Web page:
Teen's 'hollow flashlight' could bring light to Third World

Ann Makosinski has graduated from creating cameras with household scraps to inventing an award-winning light source that turns on with only the warmth of your hand. 

It's been a busy past few weeks for 15-year-old science whiz Ann Makosinski.  

The Victoria, British Columbia teen is garnering plenty of international attention for her hollow flashlight, which operates solely on the warmth of the hand. The invention made her the winner of her age category in last week's Google Science Fair, and has even sparked talks with an interested company. 

Between her TedX speech in Washington and interview with National Geographic, Ann is getting back into the swing of life as a regluar high school student--even as a crew from the Canadian Broadcasting Corporation films her during physics class.

Why all the buzz? Ann might have just brought light to the third world.

That's one way to describe the battery-free flashlight, which uses Peltier tiles that produce electricity from a difference in temperature. Ann says she got the idea when she noticed one of her friends in the Philippines saw her grades fall because she did not have light to study with at night. 

"I know a lot of people around the world have these problems where there's just no light, no electricity, nothing," she told the Monitor.  "So I thought, 'Why not try and solve this problem a little step at a time?'"

Peltier tiles are a common thermoelectric tool that produce electricity when one side is heated and the other remains cool – a phenomenon called the Seebeck effect. 

But the catch is keeping one side warm and the other cool, all within the space of only a flashlight.

"I had to somehow take away enough heat from the hand, but I didn't want to take all of it away at once, so I had to find a way to insulate the rest of the hand," she says.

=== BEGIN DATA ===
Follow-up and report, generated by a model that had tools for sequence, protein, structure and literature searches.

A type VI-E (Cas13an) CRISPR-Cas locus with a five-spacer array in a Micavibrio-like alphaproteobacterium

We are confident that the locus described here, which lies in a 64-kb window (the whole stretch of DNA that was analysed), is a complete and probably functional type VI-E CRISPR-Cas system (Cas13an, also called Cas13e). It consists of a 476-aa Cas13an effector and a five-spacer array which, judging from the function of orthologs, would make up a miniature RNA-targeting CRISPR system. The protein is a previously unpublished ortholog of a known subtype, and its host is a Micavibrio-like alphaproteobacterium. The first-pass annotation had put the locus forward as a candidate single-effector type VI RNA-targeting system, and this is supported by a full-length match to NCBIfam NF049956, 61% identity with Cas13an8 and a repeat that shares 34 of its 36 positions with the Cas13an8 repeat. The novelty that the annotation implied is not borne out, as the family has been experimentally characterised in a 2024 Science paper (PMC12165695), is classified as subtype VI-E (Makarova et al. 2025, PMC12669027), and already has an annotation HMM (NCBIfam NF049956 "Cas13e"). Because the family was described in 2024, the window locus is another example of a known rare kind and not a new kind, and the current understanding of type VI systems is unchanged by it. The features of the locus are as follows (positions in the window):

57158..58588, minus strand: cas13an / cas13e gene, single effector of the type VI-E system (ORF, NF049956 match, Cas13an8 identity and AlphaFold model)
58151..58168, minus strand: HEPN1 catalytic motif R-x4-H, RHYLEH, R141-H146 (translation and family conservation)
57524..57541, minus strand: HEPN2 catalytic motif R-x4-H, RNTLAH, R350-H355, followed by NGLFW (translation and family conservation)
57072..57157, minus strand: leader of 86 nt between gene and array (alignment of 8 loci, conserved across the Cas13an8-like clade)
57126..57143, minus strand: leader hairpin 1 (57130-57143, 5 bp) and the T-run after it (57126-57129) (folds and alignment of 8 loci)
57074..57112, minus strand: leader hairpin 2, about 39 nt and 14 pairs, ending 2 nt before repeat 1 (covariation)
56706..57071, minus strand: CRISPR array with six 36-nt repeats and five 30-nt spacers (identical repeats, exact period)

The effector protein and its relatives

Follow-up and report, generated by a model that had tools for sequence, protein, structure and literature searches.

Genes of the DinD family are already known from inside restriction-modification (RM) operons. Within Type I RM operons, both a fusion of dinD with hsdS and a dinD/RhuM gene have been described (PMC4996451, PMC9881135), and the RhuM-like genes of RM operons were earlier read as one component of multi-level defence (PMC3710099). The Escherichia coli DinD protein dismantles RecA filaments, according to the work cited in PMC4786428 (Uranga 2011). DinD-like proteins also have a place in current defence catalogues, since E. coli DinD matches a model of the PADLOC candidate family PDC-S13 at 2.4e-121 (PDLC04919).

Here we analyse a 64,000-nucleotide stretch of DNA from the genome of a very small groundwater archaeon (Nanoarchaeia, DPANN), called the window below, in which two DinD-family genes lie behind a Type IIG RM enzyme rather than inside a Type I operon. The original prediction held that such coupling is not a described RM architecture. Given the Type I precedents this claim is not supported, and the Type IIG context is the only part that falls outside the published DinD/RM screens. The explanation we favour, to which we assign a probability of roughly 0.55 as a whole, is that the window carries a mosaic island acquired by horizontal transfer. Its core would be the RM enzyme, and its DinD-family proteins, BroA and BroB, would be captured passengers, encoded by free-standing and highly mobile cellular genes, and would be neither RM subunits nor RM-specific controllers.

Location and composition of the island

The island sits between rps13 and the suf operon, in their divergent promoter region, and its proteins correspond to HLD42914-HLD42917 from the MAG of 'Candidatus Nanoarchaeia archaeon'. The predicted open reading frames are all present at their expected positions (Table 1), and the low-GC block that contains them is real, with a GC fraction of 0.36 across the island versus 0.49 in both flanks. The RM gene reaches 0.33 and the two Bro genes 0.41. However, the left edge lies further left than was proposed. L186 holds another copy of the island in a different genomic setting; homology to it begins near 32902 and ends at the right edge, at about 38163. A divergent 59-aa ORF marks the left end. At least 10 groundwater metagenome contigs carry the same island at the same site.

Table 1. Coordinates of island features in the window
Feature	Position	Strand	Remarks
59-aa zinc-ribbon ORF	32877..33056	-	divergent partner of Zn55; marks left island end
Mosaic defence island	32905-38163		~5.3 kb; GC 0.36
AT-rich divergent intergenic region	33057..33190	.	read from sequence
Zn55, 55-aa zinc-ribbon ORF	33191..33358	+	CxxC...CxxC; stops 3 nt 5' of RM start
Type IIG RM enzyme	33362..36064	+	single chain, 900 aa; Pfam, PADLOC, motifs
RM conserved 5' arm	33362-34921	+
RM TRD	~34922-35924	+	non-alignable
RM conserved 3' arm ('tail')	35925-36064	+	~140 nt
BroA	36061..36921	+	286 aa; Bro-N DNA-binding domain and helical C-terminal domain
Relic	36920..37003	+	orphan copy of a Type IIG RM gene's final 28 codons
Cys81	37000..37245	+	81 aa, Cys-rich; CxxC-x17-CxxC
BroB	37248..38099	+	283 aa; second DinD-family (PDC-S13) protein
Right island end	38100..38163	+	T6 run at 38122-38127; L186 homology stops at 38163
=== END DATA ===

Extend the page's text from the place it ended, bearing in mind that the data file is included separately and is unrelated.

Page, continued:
Ann says she stuck with an aluminum tube as a sufficient heat sink. 

"In my case, I heat one side with the palm of my hand and I cool the other side with the ambient air and a hollow aluminum tube," Ann says, "allowing for maximum air convection currents to flow through and around the tube cooling the Peltier tile even further."

 Both Ann and her father Arthur were shocked when she was pronounced the winner, particularly because the competition was so impressive. 

"When her name came up I almost dropped the camera," says her father. "I never expected her to win. I just thought the other projects were so much more sophisticated and developed."

Ann receives a $25,000 scholarship from Google for her education, where in the future she insists she'll definitely be studying science.

"She didn't say that before she went," Arthur jokes. But her interest in science dates back to well before her YouTube video on the flashlight created a social media stir. 

"When I was small, I used to take pieces of garbage from around the house and piece them together and glue them together with my glue gun," she says. "I used to create cameras or things like that. Of course they never worked, but i always had this idea of creating things and reusing stuff that's available."

Arthur says his daughter was always handy with a screwdriver.

"All our hard drives have been taken apart, and all the printers," he says. 

Ann has entered her local regional science fair since sixth grade, and created a piezoelectric flashlight that received bronze at her first Canadian nationwide fair.

Ann balances her interest in science with many others: as a member of the cross country team and a math tutor at Kumon, she maintains a variety of hobbies. Not to mention one of her favorite subjects has actually always been English. 

As talks with a company interested in her flashlight begin soon, Ann wants to remain true to the purpose of her project. 

"I'd like to also get it out to the public, but I think my main first priority would be getting it to people who really need it," she says.

Ann says she's not sure what she'll invent in the future, although she has some ideas. 

"I think everything starts with an idea," she says. "No matter how crazy it is, you should always try to bring it to life."

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